On the reverse rice, tobacco and cotton plants form a tasteful group around the graceful sugar cane, and mix their varied leaves.  Around are engraved the words:  "The wealth of the South—rice, tobacco, sugar, cotton."
               
The finish of this pretty medal is as good and well executed as that of any gold piece issued by the mint.—N. O. Picayune. 

DALLAS HERALD, March 13, 1861, p. 1, c. 8

Flag of Louisiana.

                We, the people of Louisiana, in Convention assembled, do agree and establish, That the flag of the State of Louisiana, shall consist and bee composed of thirteen horizontal stripes, of the color hereinafter described, and to be disposed in the following order, commencing from the upper line or edge of the flag, to wit:
               
The first stripe, blue, 2d white; third red; fourth, white, fifth, blue; sixth, white, seventh, red; eighth, white; ninth, blue; tenth, white; eleventh, red; twelfth, white; and the thirteen, or bottom strip blue.
               
We do further ordain and establish, That there shall be in the upper of chief corner of the flag a square field, and color whereof shall be red; and the sides thereof equal to the width of seven stripes; and that in the center of said field there shall be a star of due and proportionate size, having five points or nags, and that the color of said star shall be a pale yellow.
               
We do further ordain and establish, That the said flag and no other, shall be the national flag of Louisiana. 

DALLAS HERALD, March 13, 1861, p. 2, c. 1
               
The Lone Star Flag floats from the dome of the Capitol at Austin! 

DALLAS HERALD, March 13, 1861, p. 2, c. 1
               
United States Flag.—We tender our thanks to Lieut. Miller, of Lancaster, for the present of the United States Flag, the genuine Stars and Stripes, taken at Camp Cooper, at the time of the surrender of that post to the State troops.  This was the first flag surrendered to the State of Texas, in her new sovereignty, and we accept it from our gallant friend, with feelings of mingled pride and sorrow.  This glorious old banner that once floated so proudly o'er the land of the free and the home of the brave, now tattered and torn, shall always be honored as the proudest trophy of the late contest.  The Stars that shine in its azure field, although with lustre dimmed, still shed their mournful beams as if in sorrow o'er the fate of our once glorious union.—The memories that cluster around the dear old banner, shall ever be held sacred, while we feel a buoyant pride in the consciousness that our first allegiance is due the sovereignty of Texas.  We do not exult and rejoice that the Stars and Stripes are lowered, but the heart of the patriot should leap for joy, to know that the Lone Star of Texas is now in the ascendancy, and our banner floats over men as brave and homes as free, as o'er in times of old.  All thanks to the gallant Lieutenant—we will preserve the dear old flag, with pride and affection.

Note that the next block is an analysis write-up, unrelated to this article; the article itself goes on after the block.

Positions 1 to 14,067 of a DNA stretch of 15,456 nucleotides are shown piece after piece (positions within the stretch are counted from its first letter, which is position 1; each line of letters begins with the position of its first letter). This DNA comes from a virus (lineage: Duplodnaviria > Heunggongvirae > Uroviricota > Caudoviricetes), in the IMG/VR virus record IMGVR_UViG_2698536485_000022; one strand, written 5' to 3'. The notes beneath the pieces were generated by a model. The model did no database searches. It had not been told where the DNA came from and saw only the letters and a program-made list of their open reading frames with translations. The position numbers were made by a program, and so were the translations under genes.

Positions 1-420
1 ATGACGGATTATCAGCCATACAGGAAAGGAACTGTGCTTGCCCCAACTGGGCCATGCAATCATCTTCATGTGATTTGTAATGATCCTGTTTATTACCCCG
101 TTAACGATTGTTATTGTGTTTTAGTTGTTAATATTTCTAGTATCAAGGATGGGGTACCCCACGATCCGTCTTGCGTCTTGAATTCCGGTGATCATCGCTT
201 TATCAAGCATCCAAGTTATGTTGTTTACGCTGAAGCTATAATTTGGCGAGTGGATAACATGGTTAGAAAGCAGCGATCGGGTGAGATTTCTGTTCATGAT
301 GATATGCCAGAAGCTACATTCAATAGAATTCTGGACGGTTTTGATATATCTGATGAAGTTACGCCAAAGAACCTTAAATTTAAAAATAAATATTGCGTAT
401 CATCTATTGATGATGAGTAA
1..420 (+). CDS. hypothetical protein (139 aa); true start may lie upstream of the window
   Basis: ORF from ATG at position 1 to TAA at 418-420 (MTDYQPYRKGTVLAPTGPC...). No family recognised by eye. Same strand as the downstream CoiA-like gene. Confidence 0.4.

DALLAS HERALD, March 13, 1861, p. 3, c. 1
                                                                                                               
For the Dallas Herald.
               
Palace Hill, Texas, March 9th, 1861.